It used to be true that disclosing a work necessarily involved surrendering control. But it’s now possible to distribute works digitally and still exercise control at a distance.
Note from Brian Rowe: he is talking about DRM, and he is wrong on two counts: DRM fails both technically, you can always hack it, and philosophically, people hate it. DRM only causes rancor in fans
So the question is what copyrighted work “locks” we are going to respect.
The ProCD case allows the contract to be enforced. DRM is another option. Adding it on to an existing medium, like CDs, generally failed, but integrating it into a new product, as with DVDs and iTunes, has generally been successful.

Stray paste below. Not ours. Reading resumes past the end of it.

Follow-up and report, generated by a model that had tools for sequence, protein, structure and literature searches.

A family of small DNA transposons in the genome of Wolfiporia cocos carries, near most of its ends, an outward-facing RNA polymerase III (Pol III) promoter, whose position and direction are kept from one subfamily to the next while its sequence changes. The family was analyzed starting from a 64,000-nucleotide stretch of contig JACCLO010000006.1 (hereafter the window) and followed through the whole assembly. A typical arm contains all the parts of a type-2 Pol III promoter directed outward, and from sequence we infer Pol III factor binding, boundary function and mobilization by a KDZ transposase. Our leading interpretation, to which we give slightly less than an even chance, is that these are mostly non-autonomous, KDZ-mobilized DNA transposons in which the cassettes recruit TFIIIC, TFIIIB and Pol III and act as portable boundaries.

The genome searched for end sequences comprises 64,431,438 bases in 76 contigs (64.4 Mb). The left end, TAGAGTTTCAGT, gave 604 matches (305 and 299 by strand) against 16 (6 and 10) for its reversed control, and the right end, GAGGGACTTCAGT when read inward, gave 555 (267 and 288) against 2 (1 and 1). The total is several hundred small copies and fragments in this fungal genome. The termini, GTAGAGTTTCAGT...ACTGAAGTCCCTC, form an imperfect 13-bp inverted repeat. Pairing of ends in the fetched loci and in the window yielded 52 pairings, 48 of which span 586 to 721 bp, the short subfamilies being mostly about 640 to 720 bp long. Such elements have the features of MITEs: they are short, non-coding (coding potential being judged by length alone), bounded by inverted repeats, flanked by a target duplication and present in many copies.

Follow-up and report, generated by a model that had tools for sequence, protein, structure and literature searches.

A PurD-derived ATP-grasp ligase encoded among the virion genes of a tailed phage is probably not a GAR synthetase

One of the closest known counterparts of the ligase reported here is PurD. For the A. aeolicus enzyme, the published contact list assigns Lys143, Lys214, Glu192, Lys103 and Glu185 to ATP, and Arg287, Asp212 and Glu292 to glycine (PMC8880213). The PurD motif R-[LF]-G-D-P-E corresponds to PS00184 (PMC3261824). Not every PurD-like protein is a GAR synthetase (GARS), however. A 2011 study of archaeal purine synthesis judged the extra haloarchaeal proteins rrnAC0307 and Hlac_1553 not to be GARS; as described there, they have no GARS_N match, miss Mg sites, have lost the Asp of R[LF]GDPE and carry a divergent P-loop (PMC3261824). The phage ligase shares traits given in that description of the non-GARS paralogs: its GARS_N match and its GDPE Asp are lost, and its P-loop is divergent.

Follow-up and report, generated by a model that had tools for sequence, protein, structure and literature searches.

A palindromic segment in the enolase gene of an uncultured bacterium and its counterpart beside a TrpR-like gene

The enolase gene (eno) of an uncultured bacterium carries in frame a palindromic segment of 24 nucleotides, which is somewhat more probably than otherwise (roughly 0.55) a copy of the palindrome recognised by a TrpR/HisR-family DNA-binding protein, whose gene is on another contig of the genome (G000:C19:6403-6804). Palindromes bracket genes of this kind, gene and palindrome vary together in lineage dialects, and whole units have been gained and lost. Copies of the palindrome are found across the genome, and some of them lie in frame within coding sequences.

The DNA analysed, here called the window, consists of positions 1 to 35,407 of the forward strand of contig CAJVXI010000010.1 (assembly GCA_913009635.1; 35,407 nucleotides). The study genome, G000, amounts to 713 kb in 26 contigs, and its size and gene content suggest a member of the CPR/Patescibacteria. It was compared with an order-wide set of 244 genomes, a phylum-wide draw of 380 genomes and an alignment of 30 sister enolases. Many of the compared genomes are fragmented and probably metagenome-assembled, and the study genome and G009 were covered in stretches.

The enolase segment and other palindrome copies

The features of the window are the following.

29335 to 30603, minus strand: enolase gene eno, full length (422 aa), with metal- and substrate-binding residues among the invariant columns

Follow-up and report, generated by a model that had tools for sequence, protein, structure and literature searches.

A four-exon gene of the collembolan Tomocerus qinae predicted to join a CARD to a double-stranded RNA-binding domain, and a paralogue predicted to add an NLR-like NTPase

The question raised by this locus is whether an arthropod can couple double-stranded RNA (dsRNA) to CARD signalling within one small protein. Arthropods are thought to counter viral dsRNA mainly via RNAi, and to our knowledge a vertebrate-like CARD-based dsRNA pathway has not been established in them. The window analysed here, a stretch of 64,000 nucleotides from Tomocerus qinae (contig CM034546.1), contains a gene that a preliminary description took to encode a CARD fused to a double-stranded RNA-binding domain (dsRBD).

Note from Brian Rowe: I strongly disagree, see my DRM posts for more information.
The importance of incremental investment in copyrighted works: publisher won’t do the Mandarin translation until it’s seen whether the English version is a success. You get market feedback on the value of the work before you make more investments. Authors are overoptimistic about the commercial appeal of their works.
Note from Brian Rowe: I do not think I agree with any of Picker’s points.
Unlike the rest of this blog, which is in the public domain, this post is under a Creative Commons Attribution 2.5 License. The original post was written by Rebecca Tushnet on 43(B)log. Edits by Brian Rowe including moving links away from FindLaw for ethical reasons.